PTSD MAY INCREASE HEART RISK IN OLDER MEN
A study of male veterans of World War II and Korea suggests that a higher level of posttraumatic stress disorder (PTSD) symptoms may increase risk of incident (new cases) coronary heart disease (CHD) in older men. Conducted by Laura D. Kubzansky, Ph.D., of the Harvard School of Public Health, Boston, and colleagues, the prospective study is the first to document an association between PTSD symptoms and future heart disease. The study appears in the January issue of the Archives of General Psychiatry.
Using two measures of PTSD, the Mississippi Scale for Combat-Related PTSD (questionnaire taken in 1990 by 1,002 study participants) and the Keane PTSD scale (1986, 944 participants), the researchers analyzed health record data on 1,946 men enrolled in the Veterans Administration Normative Aging Study, a long-term research project tracking Boston-area vets. The researchers tracked men who met PTSD diagnosis criteria and PTSD symptoms in men who weren’t diagnosed with PTSD. Most had “low to moderate” levels of PTSD symptoms. Follow up of incident CHD was analyzed through May 2001.
The authors found that for each increase in symptom level, the men had a 26 percent increased risk for non-fatal heart attack and fatal CHD combined and a 21 percent increase when angina was factored in (Mississippi PTSD scale). The findings were replicated with data from the Keane PTSD scale. “These data suggest that prolonged stress and significant levels of PTSD symptoms may increase the risk for CHD in older male veterans,” the authors write. “These results are provocative and suggest that exposure to trauma and prolonged stress not only may increase the risk for serious mental health conditions but are also cardiotoxic.”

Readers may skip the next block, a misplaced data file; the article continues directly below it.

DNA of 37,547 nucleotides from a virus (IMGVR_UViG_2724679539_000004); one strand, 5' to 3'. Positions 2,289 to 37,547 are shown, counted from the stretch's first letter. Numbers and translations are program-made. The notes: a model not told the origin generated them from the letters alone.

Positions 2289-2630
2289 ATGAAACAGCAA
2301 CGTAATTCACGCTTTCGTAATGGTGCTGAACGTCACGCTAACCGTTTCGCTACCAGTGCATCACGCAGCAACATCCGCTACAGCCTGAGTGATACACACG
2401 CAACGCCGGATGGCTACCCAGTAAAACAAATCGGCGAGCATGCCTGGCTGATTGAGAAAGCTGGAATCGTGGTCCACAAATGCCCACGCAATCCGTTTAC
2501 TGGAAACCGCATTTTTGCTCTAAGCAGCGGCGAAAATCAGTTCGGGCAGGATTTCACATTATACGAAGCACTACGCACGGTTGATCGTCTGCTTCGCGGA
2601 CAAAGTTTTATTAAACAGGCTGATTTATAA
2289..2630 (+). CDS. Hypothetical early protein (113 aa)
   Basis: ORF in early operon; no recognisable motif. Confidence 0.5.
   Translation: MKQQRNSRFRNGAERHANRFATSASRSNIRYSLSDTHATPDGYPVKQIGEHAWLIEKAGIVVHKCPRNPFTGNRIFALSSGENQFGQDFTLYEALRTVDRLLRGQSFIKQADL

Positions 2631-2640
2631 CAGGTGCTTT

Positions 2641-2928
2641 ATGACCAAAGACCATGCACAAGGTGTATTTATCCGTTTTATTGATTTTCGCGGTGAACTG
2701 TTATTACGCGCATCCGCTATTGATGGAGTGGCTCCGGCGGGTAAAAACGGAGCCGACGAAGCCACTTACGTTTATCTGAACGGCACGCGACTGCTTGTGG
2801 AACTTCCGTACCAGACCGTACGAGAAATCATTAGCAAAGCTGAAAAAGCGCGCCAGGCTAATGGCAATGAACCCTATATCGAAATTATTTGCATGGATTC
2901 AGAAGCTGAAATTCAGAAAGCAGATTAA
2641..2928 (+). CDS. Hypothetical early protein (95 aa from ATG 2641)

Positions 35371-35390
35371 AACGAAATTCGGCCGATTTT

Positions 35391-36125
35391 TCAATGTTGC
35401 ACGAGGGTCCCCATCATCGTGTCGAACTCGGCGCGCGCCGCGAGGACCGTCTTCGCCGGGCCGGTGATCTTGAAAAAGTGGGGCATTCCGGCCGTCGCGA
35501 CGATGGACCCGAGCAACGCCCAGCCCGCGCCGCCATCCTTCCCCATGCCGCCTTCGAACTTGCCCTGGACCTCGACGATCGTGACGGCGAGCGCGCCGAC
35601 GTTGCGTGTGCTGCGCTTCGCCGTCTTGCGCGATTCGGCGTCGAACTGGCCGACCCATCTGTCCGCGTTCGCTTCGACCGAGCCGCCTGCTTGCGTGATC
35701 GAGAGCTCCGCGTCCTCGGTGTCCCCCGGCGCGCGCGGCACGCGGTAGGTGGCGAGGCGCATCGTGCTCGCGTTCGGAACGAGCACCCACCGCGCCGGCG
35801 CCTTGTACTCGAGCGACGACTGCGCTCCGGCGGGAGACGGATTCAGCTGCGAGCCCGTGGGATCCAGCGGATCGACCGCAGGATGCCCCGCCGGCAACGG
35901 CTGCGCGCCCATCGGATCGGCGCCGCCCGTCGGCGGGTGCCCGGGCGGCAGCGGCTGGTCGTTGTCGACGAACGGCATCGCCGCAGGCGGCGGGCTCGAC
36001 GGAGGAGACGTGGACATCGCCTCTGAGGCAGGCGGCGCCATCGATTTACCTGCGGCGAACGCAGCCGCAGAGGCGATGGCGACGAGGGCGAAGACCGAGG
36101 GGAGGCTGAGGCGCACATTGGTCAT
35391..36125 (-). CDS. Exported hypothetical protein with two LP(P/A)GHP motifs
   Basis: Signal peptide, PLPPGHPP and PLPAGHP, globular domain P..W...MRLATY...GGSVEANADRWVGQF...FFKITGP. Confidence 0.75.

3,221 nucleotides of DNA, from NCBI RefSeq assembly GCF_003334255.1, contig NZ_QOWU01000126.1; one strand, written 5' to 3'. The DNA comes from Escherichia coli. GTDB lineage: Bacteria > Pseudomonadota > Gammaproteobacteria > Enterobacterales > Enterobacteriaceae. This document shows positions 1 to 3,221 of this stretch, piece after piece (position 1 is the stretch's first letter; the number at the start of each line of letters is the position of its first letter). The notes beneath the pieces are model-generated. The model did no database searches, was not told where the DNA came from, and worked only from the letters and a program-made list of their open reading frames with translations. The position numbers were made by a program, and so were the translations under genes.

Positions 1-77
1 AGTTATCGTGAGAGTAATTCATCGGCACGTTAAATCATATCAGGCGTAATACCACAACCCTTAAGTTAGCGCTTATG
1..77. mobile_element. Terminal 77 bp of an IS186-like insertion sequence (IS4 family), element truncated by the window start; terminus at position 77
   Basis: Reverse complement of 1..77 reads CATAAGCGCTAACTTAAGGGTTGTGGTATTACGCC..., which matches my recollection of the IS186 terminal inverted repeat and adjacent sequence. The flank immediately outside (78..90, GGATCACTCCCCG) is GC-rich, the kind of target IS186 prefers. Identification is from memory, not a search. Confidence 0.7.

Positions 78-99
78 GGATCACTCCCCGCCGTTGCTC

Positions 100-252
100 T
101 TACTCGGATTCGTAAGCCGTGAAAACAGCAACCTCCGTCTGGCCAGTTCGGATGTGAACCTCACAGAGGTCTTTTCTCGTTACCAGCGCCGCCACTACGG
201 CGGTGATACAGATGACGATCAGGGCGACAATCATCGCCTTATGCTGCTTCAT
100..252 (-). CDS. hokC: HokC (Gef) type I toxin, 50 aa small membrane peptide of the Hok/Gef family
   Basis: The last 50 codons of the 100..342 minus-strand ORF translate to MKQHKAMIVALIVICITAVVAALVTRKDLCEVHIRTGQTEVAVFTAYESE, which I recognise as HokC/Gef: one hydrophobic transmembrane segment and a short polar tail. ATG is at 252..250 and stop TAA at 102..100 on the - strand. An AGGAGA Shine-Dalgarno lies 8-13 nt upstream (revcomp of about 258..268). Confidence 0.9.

The continual release of adrenaline prompted by PTSD symptoms may wear down the cardiovascular system. “The burden of war may be even greater than people think,” said Kubzansky. “This pattern of effects suggests that individuals with higher levels of PTSD symptoms are not simply prone to reporting higher levels of chest pain or other physical symptoms but may well be at risk for developing coronary heart disease.” For information on acupuncture for the treatment of PTSD symptoms, contact Dr. Richard Browne at (305) 595-9500.